The Phillies have their highest selection in the First-Year Player Draft since 2001, so they need to make it count. They have lamented in recent years how they have picked low in the first round or haven't had any first-round picks at all. They do not have that excuse this year.
Wolever believes the Phillies will get a "really good player" in the first round.
"We've got a couple of kids who we really have a lot of interest in that I think could make their Major League careers here long ones, hopefully, and successful ones," he said.
Wolever offered few hints about which way the Phillies could go in the first round, but he said, "There are a few power bats at the top, college-wise. I think the biggest board will be the college pitching board, again. There will be more to choose from there than the other three boards."
The Phillies have $2.299 million slotted for their first-round pick, and $6.045 million for their picks in the first 10 rounds.
The Phillies only need to look at their big league offense to see what they need: bats, bats, bats. And not just a guy who has raw power, but a guy who actually has a knack for getting on base. The Phillies have had trouble scoring runs this season because they rarely have anybody on base. Players like Jimmy Rollins, Utley and Howard come around once in a lifetime, but the Phillies need to find players who can be productive everyday players in the big leagues.
The Phillies seem to take a lot of chances on high-ceiling guys, players who are not polished but have the potential to be studs if they develop. Of course, those players are also high risk and have a greater tendency to flame out.
Wolever said that is not the case.
"I heard it a few times," he said. "A couple scouting directors sat me down and said, 'You guys are known as the guys who take all the high-ceiling athletes, and we know that's not true.' And I said, 'You're exactly right.'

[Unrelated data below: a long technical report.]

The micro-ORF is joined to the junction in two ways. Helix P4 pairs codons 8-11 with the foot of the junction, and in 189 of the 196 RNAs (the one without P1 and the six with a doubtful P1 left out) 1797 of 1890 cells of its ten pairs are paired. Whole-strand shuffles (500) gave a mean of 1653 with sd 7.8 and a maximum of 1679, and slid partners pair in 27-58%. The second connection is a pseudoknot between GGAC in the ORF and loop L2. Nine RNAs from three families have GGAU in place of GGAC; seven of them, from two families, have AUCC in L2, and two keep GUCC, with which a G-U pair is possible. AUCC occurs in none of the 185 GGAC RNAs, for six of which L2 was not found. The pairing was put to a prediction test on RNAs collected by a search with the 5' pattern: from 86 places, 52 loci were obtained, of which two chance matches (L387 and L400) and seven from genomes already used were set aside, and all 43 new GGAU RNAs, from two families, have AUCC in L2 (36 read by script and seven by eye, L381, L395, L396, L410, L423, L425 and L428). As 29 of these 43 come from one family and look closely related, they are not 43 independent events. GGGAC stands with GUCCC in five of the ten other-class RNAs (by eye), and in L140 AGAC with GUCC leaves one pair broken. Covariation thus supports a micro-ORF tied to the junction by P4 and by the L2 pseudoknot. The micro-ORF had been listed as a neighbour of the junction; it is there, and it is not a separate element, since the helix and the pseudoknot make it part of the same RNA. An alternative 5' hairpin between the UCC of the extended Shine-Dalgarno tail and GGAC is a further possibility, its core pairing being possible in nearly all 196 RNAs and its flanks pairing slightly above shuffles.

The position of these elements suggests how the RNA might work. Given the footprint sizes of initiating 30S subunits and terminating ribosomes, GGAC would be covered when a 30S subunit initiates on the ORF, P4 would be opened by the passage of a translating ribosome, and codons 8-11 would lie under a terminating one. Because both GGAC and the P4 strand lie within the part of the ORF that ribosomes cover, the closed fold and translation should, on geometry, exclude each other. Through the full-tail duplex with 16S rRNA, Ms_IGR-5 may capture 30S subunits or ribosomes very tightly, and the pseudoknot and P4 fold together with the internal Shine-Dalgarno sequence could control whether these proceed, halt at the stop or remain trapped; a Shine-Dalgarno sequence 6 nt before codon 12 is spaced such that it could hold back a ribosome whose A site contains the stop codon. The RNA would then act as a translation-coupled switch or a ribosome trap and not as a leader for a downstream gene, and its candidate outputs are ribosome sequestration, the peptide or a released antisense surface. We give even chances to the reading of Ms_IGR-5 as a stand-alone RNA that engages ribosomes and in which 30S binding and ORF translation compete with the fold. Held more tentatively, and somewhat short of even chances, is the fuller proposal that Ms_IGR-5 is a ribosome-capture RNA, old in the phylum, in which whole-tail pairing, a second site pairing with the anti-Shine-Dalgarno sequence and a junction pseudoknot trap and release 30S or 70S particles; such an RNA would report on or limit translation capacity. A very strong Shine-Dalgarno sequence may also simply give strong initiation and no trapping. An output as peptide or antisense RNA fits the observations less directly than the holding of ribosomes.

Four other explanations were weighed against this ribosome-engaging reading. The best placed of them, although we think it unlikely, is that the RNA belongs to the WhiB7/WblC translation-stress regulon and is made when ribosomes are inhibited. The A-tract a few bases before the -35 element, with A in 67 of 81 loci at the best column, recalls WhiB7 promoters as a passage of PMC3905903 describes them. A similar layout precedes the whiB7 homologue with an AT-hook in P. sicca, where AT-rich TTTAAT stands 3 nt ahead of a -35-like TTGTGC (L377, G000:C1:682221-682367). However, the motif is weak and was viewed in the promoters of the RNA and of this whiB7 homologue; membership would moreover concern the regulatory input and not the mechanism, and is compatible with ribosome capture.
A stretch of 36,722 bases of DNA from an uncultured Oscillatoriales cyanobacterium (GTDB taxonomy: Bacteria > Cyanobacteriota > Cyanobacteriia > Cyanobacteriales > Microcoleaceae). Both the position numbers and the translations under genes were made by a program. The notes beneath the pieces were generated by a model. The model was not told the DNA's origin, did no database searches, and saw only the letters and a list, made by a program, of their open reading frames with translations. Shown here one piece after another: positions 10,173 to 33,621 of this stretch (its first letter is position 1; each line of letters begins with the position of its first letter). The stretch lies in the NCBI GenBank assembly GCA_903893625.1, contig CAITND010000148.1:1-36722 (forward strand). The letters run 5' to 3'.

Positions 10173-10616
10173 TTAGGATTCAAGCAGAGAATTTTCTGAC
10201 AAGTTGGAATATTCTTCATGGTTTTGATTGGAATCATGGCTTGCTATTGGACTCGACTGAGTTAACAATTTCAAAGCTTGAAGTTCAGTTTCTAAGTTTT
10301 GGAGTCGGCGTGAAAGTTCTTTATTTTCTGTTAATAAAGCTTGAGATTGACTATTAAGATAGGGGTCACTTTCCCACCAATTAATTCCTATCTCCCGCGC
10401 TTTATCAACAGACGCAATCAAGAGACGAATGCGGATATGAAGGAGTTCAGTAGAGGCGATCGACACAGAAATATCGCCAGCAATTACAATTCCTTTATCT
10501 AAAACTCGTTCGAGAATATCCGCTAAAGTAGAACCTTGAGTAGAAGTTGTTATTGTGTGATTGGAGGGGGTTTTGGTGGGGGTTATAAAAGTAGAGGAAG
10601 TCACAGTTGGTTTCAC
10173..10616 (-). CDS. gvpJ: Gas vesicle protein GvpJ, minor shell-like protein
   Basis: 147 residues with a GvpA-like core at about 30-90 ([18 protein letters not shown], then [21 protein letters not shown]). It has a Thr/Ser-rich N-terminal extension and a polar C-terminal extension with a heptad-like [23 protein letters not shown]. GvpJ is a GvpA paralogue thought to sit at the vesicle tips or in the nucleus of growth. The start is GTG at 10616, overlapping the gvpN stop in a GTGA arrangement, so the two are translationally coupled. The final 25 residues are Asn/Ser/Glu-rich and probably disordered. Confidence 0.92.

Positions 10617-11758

"We love those guys, but we've also taken players throughout the Draft that are good college players, that are good baseball players, who the ceiling might not be as high, but they have a chance to play in the big leagues quicker."
• Recent Draft History •
The Phillies selected outfielder Cameron Perkins in the sixth round last year. He is hitting .337 with an .894 OPS in 51 games at Class A Clearwater.
"Cameron has been kind of a surprise," Wolever said. "We saw him play third base in college. When you look at him as an outsider looking in, and certainly as a scout, he kind of looks like Bambi when he runs sometimes. But bottom line is results on the field, and they've been pretty good in college, and they've been good here."
It is unusual to put a former top pick in this category, but outfielder Kelly Dugan fits here only because he is playing well after battling countless nagging injuries since the Phillies selected him in the second round in 2009. He is hitting .322 with a .963 OPS this season in 30 games with Clearwater.
In The Show
he Phillies have 11 former Draft picks in the big leagues: Howard, Rollins, Utley, Hamels, Brown, Kendrick, Stutes, Jonathan Pettibone, Tyler Cloyd, Joe Savery and Justin De Fratus.
Phillies' recent top picks
2012: Shane Watson, RHP, Class A Lakewood
2011: Larry Greene, OF, Class A Lakewood
2010: Jesse Biddle, LHP, Double-A Reading
2009: Kelly Dugan, OF, Class A Clearwater
2008: Anthony Hewitt, OF, Double-A Reading